Objective: The purpose of this randomized trial was to compare the efficacy of manual therapy, including the use of neurodynamic techniques, with electrophysical modalities on patients with mild and moderate carpal tunnel syndrome (CTS). Methods: The study included 140 CTS patients who were randomly assigned to the manual therapy (MT) group, which included the use of neurodynamic techniques, functional massage, and carpal bone mobilizations techniques, or to the electrophysical modalities (EM) group, which included laser and ultrasound therapy. Nerve conduction, pain severity, symptom severity, and functional status measured by the Boston Carpal Tunnel Questionnaire were assessed before and after treatment. Therapy was conducted twice weekly and both groups received 20 therapy sessions. Results: A baseline assessment revealed group differences in sensory conduction of the median nerve (P b .01) but not in motor conduction (P = .82). Four weeks after the last treatment procedure, nerve conduction was examined again. In the MT group, median nerve sensory conduction velocity increased by 34% and motor conduction velocity by 6% (in both cases, P b .01). There was no change in median nerve sensory and motor conduction velocities in the EM. Distal motor latency was decreased (P b .01) in both groups. A baseline assessment revealed no group differences in pain severity, symptom severity, or functional status. Immediately after therapy, analysis of variance revealed group differences in pain severity (P b .01), with a reduction in pain in both groups (MT: 290%, P b .01; EM: 47%, P b .01). There were group differences in symptom severity (P b .01) and function (P b .01) on the Boston Carpal Tunnel Questionnaire. Both groups had an improvement in functional status (MT: 47%, P b .01; EM: 9%, P b .01) and a reduction in subjective CTS symptoms (MT: 67%, P b .01; EM: 15%, P b .01). Conclusion: Both therapies had a positive effect on nerve conduction, pain reduction, functional status, and subjective symptoms in individuals with CTS. However, the results regarding pain reduction, subjective symptoms, and functional status were better in the MT group. (J Manipulative Physiol Ther 2017;40:263-272)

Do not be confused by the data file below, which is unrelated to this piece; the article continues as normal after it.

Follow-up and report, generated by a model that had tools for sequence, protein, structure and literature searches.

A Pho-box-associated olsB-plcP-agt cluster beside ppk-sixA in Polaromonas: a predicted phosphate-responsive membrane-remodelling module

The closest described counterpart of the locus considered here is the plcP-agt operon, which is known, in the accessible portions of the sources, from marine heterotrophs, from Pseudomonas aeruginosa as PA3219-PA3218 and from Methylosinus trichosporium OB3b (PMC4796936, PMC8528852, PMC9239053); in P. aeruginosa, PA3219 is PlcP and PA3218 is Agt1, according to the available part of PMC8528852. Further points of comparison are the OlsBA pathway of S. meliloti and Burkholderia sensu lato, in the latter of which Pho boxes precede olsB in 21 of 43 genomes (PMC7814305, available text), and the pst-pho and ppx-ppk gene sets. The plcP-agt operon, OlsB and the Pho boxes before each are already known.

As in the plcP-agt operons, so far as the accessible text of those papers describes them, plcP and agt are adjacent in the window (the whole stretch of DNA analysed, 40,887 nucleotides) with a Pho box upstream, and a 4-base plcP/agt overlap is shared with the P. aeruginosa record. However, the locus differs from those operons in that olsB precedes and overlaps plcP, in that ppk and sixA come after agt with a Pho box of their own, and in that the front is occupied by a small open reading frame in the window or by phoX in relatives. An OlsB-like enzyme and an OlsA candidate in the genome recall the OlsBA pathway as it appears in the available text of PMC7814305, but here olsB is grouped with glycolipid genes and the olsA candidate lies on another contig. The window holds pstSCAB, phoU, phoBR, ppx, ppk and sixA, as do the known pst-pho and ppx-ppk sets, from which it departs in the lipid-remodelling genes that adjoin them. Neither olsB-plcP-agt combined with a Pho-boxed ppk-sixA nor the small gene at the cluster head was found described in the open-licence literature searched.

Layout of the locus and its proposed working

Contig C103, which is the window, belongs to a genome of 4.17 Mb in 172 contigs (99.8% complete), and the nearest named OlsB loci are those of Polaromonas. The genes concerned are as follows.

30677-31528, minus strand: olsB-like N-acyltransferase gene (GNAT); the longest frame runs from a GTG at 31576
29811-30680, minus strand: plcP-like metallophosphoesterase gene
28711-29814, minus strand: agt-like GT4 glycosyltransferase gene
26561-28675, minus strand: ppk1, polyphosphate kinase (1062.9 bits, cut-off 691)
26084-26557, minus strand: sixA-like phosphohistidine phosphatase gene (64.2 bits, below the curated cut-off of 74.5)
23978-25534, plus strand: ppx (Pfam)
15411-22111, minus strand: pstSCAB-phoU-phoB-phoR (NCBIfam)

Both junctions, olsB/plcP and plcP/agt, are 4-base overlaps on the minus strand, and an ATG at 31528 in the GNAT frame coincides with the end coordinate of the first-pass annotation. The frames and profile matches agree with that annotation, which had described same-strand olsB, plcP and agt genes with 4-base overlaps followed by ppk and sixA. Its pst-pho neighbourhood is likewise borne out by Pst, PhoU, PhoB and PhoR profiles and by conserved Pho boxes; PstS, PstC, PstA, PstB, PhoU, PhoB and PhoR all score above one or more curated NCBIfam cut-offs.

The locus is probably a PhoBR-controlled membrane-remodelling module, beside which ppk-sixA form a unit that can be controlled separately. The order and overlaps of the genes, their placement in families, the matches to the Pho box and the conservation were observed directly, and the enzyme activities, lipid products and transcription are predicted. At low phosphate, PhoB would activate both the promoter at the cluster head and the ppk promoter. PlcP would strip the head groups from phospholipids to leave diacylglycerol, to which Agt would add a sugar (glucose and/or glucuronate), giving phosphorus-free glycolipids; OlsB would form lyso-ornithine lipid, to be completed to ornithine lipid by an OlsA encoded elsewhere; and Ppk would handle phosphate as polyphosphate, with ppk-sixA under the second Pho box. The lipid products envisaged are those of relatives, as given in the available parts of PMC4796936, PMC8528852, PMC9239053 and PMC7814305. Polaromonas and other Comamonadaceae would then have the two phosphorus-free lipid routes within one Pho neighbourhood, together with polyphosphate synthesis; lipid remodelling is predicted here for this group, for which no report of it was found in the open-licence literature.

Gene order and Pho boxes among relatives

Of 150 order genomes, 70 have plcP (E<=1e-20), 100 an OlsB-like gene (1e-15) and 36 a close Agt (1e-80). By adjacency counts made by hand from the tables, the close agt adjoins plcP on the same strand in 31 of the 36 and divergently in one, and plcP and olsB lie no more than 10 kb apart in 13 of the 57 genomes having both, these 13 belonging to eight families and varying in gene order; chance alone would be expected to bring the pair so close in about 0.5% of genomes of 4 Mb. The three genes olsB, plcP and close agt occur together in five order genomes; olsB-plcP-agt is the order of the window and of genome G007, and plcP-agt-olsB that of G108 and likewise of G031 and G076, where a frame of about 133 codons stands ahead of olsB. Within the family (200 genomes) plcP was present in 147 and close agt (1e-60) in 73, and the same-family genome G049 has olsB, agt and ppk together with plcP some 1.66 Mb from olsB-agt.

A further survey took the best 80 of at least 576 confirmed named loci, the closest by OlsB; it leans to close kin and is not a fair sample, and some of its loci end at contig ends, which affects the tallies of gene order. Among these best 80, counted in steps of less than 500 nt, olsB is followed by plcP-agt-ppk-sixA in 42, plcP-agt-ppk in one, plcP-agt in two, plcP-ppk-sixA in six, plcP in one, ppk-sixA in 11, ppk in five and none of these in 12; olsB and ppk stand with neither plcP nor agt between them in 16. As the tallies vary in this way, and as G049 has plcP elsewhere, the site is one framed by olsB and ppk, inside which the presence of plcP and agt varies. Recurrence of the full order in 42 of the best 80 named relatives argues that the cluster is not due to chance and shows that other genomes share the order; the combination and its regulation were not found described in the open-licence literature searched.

There were several methodological limitations to the study, most importantly that there was no follow-up evaluation; we were therefore unable to draw conclusions about the long-term effects because the improvements that we observed may have been temporary. Both therapy regimes investigated have nevertheless been reported to have substantial beneficial effects on multiple symptoms of CTS. The lack of a no-treatment control group is another limitation, meaning that we were unable to quantify any effect of spontaneous healing in the study. Similarly, the lack of a control group receiving simulated therapy meant that we were unable to quantify any placebo effect in this study. Including a placebo treatment group would have made it possible to estimate the extent to which the therapeutic effects observed simply were due to participation in therapy rather than to the specific therapeutic techniques used. The use of multicomponent therapy regimens is a potential drawback to our study design, meaning that it was not possible to assess the independent contribution of each of the techniques; however, such comprehensive regimens are desirable and typical of clinical practice because they often produce better results.